- Post Doctoral
MIT Unit Affiliation:
- Electrical Engineering & Computer Science
Post Doc Sponsor / Advisor:
Date PhD Completed:
Top 3 Areas of Expertise:
Expected End Date of Post Doctoral Position:
1. Light-matter interactions in anisotropic 2D materials
2. Chemical vapor deposition of 2D materials and heterostructures
3. Integration and circuits of nanodevices
Surface-enhanced Raman scattering (SERS), which is considered as one of the most promising techniques for practical applications, has attracted many scientists’ attention. However, even though SERS was discovered in the 1970s and single molecule sensitive detection was realized in 1997, there is still a long way to practical applications since it still has many challenges. Two of the most important, but complex issues are: (1) the availability of an ideal SERS substrate. It is difficult to obtain a satisfying SERS substrate, which is cheap, easy to produce and can be used repeatedly, meanwhile, the Raman signals obtained on which is intrinsic, uniform, and stable; (2) the understanding of the enhancement mechanism. There are two widely accepted mechanisms, i.e., electromagnetic mechanism (EM) and chemical mechanism (CM). They usually coexist, and difficult to be investigated separately. Especially for the CM, in theory, it is difficult to build a perfect theoretical model since it involves in too many influencing factors; while in experiment, it is difficult to find a perfect system where there is only CM without the disturbance from the huge enhancement of the EM.
Graphene is a perfect 2D material with a monolayer of carbon atoms packed into a honeycomb crystal plane. This thesis based on a Raman enhancement phenomenon on graphene substrate, which was first reported by us, referred to as graphene enhanced Raman scattering (GERS). There seems to be many advantages by taking graphene as a SERS substrate. It can overcome many disadvantages in traditional SERS substrate which are based on a rough metal surface, such as the non-uniform and unstable Raman signals, the background interference from the photo-carbonization, and the complex, expensive, and low reproduced processes of the substrate fabrication. In addition, GERS was attributed to be a system with only CM. Towards to the controversies and puzzle between EM and CM, we proposed GERS supplied a new chance for investigating CM, and the dependence of GERS on graphene layers, the distance between the probe molecules and graphene, the excitation energy of the laser, the molecular orientation, was investigated for deeper understanding of the CM effect. This thesis included the following parts:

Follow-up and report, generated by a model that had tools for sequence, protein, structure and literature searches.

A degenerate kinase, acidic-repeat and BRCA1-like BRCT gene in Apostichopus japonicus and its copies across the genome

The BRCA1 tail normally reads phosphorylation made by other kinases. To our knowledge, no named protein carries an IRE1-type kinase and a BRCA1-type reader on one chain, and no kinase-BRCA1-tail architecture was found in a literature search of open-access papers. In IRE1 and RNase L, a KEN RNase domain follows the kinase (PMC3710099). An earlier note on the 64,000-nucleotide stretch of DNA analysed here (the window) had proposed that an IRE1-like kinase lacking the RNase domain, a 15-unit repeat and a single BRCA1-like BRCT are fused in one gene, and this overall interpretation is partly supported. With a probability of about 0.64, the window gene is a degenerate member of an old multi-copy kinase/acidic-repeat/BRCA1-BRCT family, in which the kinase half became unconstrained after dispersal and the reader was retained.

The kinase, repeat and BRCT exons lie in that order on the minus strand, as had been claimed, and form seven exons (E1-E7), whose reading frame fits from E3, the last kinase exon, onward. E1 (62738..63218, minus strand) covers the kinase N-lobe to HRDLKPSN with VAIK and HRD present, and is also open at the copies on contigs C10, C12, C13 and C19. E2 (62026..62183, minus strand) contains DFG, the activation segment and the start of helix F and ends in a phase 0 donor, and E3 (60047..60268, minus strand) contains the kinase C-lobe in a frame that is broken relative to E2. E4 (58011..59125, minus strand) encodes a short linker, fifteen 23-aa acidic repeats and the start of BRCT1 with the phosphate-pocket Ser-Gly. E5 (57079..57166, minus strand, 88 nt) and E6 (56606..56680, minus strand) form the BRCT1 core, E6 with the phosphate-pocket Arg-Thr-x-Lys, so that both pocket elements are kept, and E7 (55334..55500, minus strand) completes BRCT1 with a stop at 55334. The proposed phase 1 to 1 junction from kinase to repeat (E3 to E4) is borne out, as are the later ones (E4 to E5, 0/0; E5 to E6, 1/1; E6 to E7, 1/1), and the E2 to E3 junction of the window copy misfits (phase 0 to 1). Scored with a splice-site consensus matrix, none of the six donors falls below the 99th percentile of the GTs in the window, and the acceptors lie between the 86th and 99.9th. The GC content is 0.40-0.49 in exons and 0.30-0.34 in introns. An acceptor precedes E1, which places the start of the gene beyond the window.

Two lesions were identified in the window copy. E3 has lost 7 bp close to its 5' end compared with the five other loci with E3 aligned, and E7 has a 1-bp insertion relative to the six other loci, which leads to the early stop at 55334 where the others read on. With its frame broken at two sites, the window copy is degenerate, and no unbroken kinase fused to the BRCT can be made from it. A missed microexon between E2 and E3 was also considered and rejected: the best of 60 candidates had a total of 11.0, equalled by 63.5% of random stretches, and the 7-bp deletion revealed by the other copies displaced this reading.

1. Graphene enhanced Raman scattering (GERS) has been discovered. Taking graphene as a substrate, the dye molecules (such as phthalocyanine (Pc), rhodamine 6G (R6G), protoporphyin IX (PPP) and crystal violet (CV)) as probe molecules, graphene was found can enhance the Raman signals of the molecules of several or several tens of times, by comparing the Raman signals of the equal number of the molecules on the area with and without graphene, This phenomenon was named as graphene enhanced Raman scattering (GERS) effect. GERS owned many advantages comparing to traditional SERS in spectra obtaining. Moreover, the enhancement mechanism of GERS was contributed to only CM, which opened a new way for investigating CM.
2. The number of graphene layers dependence was investigated in GERS. Not only monolayer graphene, but also few-layer graphene (N=1--6) was found having the almost equally remarkable GERS effect. As the further increasing of the number of the graphene layers, GERS intensity decreased due to the damping of the lightwave during the propagation in graphite. In addition, by change the Fermi level of monolayer and bilayer graphene by doping, the abnormal dependence of GERS on the number of graphene layers was observed, which is corresponding to the common understanding of CM as an “electronic enhancement”.
3. The first layer effect of the CM was investigated in GERS. With the assistant of Langmuir-Blodgett (LB) technique, multilayered molecular structure was constructed on graphene, and the GERS effect was found can work only for the first layer molecule in contact with graphene (first layer effect). Also, the distance of the chemical groups in one molecule away from graphene can influence the enhancement. The closer it is, the stronger the enhancement will be.
4. The excitation wavelength dependence was investigated in GERS. Using a triple spectrometer Raman system with a tunable dye laser, the Raman excitation profiles of GERS were obtained. The charge transfer in GERS was proved to be a ground state charge transfer mechanism since the profiles were fitting well with the function of the normal Raman intensity under resonant condition, but no excited state charge transfer resonant was observed in the profiles.
5. The molecular orientation dependence was investigated in GERS. With the help of LB technique and annealing, upstanding and lying-down molecular orientations were obtained controllably, characterized by the UV-visible absorption spectra and atomic force microscopy (AFM). GERS was found highly dependent on the molecular orientation, with a much larger enhancement for the lying-down molecular orientation. The chemical enhancement factors of the different vibrational modes in Pc derivatives are calculated by considering both the change of the molecular orientation and the number of the molecules. The results are promising to be used as a standard to evaluate the interaction between graphene and the molecules.